“Did you realize that when you married your Prince or Princess Charming, you inherited the king, the queen and the whole court?” The Complete Marriage Book aptly conveys a message about what marriage really means. Quintessentially while planning a wedding, the melodrama and elation prevails over our minds to such an extent that we simply dismiss the basic reality that eagerly awaits the newlywed couple. It very much exists in their subconscious minds but is hushed by the tumultuous hustle of designing a memorable, or rather, the perfect wedding. Consequently the upbeat and convivial ambiance suddenly paves its way through to land the bride and her in-laws in an initial perplexing assessment of each other coinciding with adjustments.
Shedding light on the ground rules for a South Asian family, we notice that marriage holds a significant aspect in the community. Moreover it is considered an extended merging of a relationship going beyond just the couple and stretching out further to the families. But who are these individuals that come under the ambit of this initial awkward space? Need not to say – the bride and her in-laws. No matter how much we ignore the reality, it absolutely concludes to an early adjustment on both sides.
A key factor in the matter is dealing with the clashing of Eastern and Western beliefs. It might be feasible that the newlywed couple adheres to the Eastern cultural demands and assumes their presumptive roles so that conferring a shared meaning or interpretation of the marriage rules is not necessary. Indeed, this may be the case, however the in-laws should comprehend that the second-generation South Asian community living within a Western context, is constantly dealing with a myriad of social and economic changes that strongly differs from the conventional values and thus modifies ways of achieving traditional marriage ideals.
So what can be done to transcend a harmonious atmosphere on the two sides without bringing ripples in the newly established relationship?
Recent studies have coined the term ‘second-generation South Asian women’ that depicts the somewhat differentiating ideologies between a generation that immigrated from extended families to the upbringing in an environment, where nuclear families are the trend to follow. Therefore, whilst addressing the arising conventional expectations, the bride strongly needs to hold on to patience. Don’t expect to be in sync with your in-laws promptly. A recent study in the after-effects of marriage states that a bride’s initial manner of conduct and body language implying her tone; selection of words in irksome situations; and addressing needs of members in the family, are important contributing factors towards how her in-laws would treat and respond to matters concerning the bride.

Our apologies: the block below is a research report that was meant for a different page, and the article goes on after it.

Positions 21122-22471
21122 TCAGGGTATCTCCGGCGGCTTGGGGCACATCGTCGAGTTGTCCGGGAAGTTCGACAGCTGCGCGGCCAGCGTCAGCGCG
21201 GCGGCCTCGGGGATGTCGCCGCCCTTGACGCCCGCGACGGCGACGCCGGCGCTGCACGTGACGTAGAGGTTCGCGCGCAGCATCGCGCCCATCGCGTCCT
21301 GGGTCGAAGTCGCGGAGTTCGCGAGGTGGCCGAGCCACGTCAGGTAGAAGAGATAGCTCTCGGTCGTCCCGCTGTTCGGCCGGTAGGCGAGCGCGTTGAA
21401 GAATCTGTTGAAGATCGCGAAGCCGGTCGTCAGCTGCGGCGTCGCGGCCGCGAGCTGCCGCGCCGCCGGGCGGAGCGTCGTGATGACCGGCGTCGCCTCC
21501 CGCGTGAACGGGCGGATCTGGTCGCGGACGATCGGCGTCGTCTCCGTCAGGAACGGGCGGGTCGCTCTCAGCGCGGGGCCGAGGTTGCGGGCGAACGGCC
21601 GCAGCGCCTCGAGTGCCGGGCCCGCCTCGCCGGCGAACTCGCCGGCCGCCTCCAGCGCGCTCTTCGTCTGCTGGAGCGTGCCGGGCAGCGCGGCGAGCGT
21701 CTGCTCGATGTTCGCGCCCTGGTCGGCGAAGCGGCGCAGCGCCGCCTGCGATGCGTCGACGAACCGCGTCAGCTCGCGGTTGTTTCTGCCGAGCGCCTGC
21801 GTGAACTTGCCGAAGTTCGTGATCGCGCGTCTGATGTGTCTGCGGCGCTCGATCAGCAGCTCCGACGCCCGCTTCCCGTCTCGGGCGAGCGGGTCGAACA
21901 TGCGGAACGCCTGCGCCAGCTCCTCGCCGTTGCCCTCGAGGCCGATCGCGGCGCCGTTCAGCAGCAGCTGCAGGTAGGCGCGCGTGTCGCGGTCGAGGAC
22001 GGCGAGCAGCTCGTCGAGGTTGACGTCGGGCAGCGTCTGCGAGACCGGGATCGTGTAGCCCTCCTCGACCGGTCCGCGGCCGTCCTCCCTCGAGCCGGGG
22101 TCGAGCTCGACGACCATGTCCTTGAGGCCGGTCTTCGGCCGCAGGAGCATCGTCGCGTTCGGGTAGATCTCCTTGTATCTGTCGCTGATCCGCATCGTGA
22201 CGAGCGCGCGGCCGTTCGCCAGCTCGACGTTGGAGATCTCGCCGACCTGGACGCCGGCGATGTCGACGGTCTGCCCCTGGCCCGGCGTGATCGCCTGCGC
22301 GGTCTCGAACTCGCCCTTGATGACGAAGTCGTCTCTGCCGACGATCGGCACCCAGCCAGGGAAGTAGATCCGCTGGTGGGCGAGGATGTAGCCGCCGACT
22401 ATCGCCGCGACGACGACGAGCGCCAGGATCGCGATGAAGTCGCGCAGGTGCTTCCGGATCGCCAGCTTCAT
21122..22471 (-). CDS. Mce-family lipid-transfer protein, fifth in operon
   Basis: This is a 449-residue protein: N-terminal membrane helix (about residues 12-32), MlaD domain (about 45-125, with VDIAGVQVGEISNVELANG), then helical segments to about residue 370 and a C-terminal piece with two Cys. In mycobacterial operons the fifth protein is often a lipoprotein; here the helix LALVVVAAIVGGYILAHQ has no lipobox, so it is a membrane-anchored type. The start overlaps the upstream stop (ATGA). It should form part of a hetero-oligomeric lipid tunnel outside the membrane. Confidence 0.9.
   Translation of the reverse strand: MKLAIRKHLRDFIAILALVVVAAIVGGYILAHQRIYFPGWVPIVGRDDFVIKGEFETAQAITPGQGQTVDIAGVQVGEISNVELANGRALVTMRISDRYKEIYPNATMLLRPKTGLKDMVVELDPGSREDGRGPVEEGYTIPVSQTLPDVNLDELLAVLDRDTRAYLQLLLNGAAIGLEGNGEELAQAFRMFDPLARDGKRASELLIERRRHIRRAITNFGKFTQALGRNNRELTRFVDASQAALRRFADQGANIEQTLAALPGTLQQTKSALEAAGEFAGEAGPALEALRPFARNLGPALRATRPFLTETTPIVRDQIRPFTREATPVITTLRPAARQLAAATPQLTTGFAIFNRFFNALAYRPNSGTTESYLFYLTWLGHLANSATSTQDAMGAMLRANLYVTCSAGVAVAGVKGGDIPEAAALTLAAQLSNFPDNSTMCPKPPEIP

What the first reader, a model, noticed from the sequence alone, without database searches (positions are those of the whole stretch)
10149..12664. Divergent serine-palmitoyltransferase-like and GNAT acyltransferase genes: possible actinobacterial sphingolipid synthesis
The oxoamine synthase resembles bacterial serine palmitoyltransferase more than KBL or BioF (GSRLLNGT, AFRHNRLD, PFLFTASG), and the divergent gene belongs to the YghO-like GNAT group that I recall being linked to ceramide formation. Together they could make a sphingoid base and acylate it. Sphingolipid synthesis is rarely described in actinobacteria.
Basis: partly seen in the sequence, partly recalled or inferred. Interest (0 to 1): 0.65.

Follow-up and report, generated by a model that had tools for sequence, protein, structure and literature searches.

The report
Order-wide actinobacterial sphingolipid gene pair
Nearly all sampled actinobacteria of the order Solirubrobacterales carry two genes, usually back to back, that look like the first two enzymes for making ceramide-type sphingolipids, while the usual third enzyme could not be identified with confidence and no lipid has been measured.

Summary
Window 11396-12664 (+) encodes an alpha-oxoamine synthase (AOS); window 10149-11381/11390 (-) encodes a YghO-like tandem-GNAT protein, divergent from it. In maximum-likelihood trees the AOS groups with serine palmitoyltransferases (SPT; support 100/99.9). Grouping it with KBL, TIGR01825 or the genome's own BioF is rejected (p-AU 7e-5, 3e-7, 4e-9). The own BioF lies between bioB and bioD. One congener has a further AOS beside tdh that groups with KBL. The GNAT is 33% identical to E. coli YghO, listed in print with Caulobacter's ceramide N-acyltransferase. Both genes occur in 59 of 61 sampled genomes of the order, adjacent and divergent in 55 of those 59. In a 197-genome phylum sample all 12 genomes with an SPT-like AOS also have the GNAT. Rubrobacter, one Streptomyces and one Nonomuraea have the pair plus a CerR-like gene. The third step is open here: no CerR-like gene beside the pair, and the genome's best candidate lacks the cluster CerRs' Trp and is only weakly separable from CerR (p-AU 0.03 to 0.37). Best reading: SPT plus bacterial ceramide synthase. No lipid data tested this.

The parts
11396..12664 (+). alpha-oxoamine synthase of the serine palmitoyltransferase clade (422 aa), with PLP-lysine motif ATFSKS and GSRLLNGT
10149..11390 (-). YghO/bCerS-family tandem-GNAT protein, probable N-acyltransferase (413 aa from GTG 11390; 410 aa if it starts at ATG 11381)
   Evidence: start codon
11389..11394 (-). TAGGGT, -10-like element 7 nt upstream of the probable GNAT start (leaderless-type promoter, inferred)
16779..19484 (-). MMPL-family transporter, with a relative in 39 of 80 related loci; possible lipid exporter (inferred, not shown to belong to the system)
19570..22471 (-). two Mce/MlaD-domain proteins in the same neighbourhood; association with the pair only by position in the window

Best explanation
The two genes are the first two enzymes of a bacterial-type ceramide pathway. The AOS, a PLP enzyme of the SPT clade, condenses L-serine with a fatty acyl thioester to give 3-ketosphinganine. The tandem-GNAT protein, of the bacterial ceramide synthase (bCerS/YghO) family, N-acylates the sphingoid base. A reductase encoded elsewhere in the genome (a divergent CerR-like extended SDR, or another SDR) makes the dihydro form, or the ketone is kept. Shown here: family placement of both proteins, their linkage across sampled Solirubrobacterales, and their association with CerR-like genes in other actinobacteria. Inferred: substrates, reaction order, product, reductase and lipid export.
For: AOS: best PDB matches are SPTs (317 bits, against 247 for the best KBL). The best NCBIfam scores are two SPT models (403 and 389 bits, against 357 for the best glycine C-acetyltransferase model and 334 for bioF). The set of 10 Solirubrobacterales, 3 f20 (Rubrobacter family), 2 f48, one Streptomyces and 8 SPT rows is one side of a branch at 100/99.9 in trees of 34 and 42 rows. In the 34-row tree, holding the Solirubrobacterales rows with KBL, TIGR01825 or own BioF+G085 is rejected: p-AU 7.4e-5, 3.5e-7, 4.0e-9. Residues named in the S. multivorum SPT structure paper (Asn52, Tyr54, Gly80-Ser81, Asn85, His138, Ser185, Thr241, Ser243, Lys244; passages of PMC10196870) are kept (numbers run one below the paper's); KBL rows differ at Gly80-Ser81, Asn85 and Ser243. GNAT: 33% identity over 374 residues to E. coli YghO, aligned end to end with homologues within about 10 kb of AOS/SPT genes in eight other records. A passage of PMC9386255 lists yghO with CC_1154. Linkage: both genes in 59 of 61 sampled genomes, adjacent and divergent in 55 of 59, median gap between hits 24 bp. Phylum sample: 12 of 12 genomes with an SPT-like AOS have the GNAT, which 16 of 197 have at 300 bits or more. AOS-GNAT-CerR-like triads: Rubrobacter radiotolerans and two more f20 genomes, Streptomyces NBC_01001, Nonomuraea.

Another important factor mentioned earlier is the silent collision of Eastern and Western beliefs. Neither side is to be blamed and similarly neither side should be asked to compromise. Experts in the field believe that many a times disagreement to succumb to the each other’s belief tends to create a rift in the relationship, which has the potential to stretch out in the long run.
A newlywed bride spoke on conditions of anonymity explaining how her mother-in-law wanted her nose pierced as part of a traditional ceremony. The bride’s refusal surfaced disharmony amongst the in-laws and the bride, which was hard to erase for a few months. She explains she was calm in her conduct and portrayed her best side to her in-laws so they would take into account an unseen and positive side of her. She says if you fail to please them at some point, do your best to present an agreeable aspect that might persuade them.
In the case of in-laws, we know they indeed welcome the new addition to their family with tremendous expectations and hope. Though often, in-laws would want the bride to take charge of duties and responsibilities immediately. A reality check into the subject suggests that this supposition tends to put in-laws in the bad
picture. Surely, there is no harm in the move, as it directly implies you want the bride to be a vital part of the family, nevertheless, the proposition should come gradually. In fact this could be observed as an opportunity for in-laws to strengthen their ties with the bride by interacting more. In other words, in-laws can work together with the bride to communicate the long standing ground rules of the family.
A study in marriage advice asserts the importance of setting boundaries in the relationship. So the in-laws can define ‘what is acceptable’ and ‘what is not acceptable’ in a healthy manner. We know families have certain traditional values, which they pursue to pass on to the younger generation, but even that should be done progressively with assistance so the bride does not feel overwhelmed or alienated.
Overall, the in-laws should lead by letting go, and the bride should choose respect. Truth is disagreements will arise at various stages but there should always be scope to bridge the gap and have an open platform for communication, in which ego and pride is put aside. There are ethical and moral issues that need to be considered, in addition to more research being needed and conducted to push experimental phase III treatments into clinical settings, but regardless, the future is promising. These truly are exciting times.